|Pictured: Progress photo taken after linen backing and before restoration.|
The areas where we had removed tape from were missing paper and all the fold lines had hardened. So, the first step was to patch the areas where parts of the poster were missing. We have a collection of old posters that have been donated to us that we use to patch. Melissa and I try to find the most appropriate paper in terms of color and texture for each piece we work on.
We miter in the paper patches (how exactly involves some voodoo and a couple of virgins), so that when you run your hands over the patch it blends seamlessly with the original poster. With something this big I trace and cut all of the patches out first so that I get into a rhythm with gluing them in. I basically work in a big circle so that by the time I've finished gluing in the last patch, the first patches are dry enough to begin the next step.
|Pictured: I am working on prepping all of the areas that need to be filled with paper patches, but the great thing about this photo is the massive Italian Taxi Driver billboard in the background. You never know what you'll see in our studio!|
|Pictured: There are 10 patches in this picture. Can you find them all?|
|Pictured: Forgive the blurry photo, this was the best of the bunch sadly, but here I am spreading glue on the back of a patch.|
|Pictured: Positioning the patch.|
|Pictured: Here is a patch that has been glued in and is in the process of drying. At this stage in the process the edges of the patch can still be felt.|
Once the patches are dry, the next step is to trim down the edges of the patch so that they are smooth. After that we then burnish over them, essentially meshing the paper fibers together with moisture and heat. I also go through and burnish any fold lines or other areas that are raised up at this time.
|Pictured: Using my deadly palette knife to trim down the edges of this patch.|
|Pictured: Here I am burnishing the edge of this border patch flat.|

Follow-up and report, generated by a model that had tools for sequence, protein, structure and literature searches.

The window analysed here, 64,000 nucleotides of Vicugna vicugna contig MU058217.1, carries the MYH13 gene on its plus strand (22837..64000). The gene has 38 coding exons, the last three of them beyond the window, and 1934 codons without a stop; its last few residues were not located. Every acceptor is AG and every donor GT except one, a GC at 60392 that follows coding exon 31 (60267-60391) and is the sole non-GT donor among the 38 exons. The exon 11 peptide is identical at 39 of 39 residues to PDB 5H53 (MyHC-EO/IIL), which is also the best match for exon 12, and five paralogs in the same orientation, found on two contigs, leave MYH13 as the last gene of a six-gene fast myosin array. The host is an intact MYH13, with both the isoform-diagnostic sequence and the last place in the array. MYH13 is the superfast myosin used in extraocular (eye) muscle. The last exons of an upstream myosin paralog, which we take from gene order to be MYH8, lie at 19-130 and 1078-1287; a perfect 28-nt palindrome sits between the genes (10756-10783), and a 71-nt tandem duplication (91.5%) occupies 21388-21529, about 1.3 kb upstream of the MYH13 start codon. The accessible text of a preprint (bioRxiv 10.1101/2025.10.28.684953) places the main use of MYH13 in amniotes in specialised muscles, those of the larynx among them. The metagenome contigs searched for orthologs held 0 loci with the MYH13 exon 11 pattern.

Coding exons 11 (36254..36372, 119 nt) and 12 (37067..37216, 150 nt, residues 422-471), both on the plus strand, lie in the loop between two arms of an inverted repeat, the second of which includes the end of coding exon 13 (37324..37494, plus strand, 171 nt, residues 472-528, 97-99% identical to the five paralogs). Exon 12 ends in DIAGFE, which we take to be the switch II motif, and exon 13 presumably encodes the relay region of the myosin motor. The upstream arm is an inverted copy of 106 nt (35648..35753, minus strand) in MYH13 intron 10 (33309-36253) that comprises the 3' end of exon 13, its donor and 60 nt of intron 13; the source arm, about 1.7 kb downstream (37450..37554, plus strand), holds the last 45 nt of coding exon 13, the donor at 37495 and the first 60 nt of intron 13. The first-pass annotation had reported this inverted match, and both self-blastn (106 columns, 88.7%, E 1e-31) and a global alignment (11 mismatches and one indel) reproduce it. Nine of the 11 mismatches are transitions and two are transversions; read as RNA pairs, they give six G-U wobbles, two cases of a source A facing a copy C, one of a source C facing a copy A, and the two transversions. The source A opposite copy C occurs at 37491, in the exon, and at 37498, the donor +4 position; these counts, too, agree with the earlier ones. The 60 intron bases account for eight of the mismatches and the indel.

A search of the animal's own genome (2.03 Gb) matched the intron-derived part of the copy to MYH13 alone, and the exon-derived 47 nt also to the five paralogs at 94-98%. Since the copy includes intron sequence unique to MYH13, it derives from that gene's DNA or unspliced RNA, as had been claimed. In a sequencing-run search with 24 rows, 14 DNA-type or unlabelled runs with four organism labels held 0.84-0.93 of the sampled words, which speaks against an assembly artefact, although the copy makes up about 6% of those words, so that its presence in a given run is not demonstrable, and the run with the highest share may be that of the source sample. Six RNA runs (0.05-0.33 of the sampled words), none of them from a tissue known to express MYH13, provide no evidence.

|Pictured: You don't immediately introduce heat to a wet area because it can lift up not only a patch, but other parts of the poster, but the heat helps to seal everything together.|
After I am done prepping the poster it goes to Gabe for masking. Since this poster had so many patches in the paper color that was the first priority. Gabe masked off all of the image and text so that only the paper color was exposed. Then Aaron airbrushed the patches to blend in seamlessly with the paper around them. Once that was done there were a few areas, such as the Harvey Girls title and some areas in Judy Garland's face that needed Aaron's attention.
|Pictured: This picture was a progress photo taken after the paper color had been airbrushed to blend the patches in with the original.|
|Pictured: There were still some larger areas, like Judy's face and hair, that needed airbrushing.|
|Pictured: Here is the same area as above after Gabe has masked it off for just the hair.|
|Pictured: Katie working on a fold line. It's not even visible in these photos, but she sees it!|
|Pictured: Here she is working on the slight shadow around Judy's hair. She also filled in the small area in Judy's face at the bottom of the photo.|
When this poster came to us it was a wreck, with tape and staining all over it and pieces missing. Just as a refresher here is the photograph we took after it was mounted.
|Pictured: After linen backing progress photo.|
And here is the final photo after full restoration!
It should be noted that several crucial steps in our process have been omitted. If you have any questions please feel free to contact us via email at firstname.lastname@example.org or by phone at 818.882.1214. Also check out our websites: http://www.postermountain.com and http://www.lapapergroup.com/. Please feel free to leave comments or questions on the blog!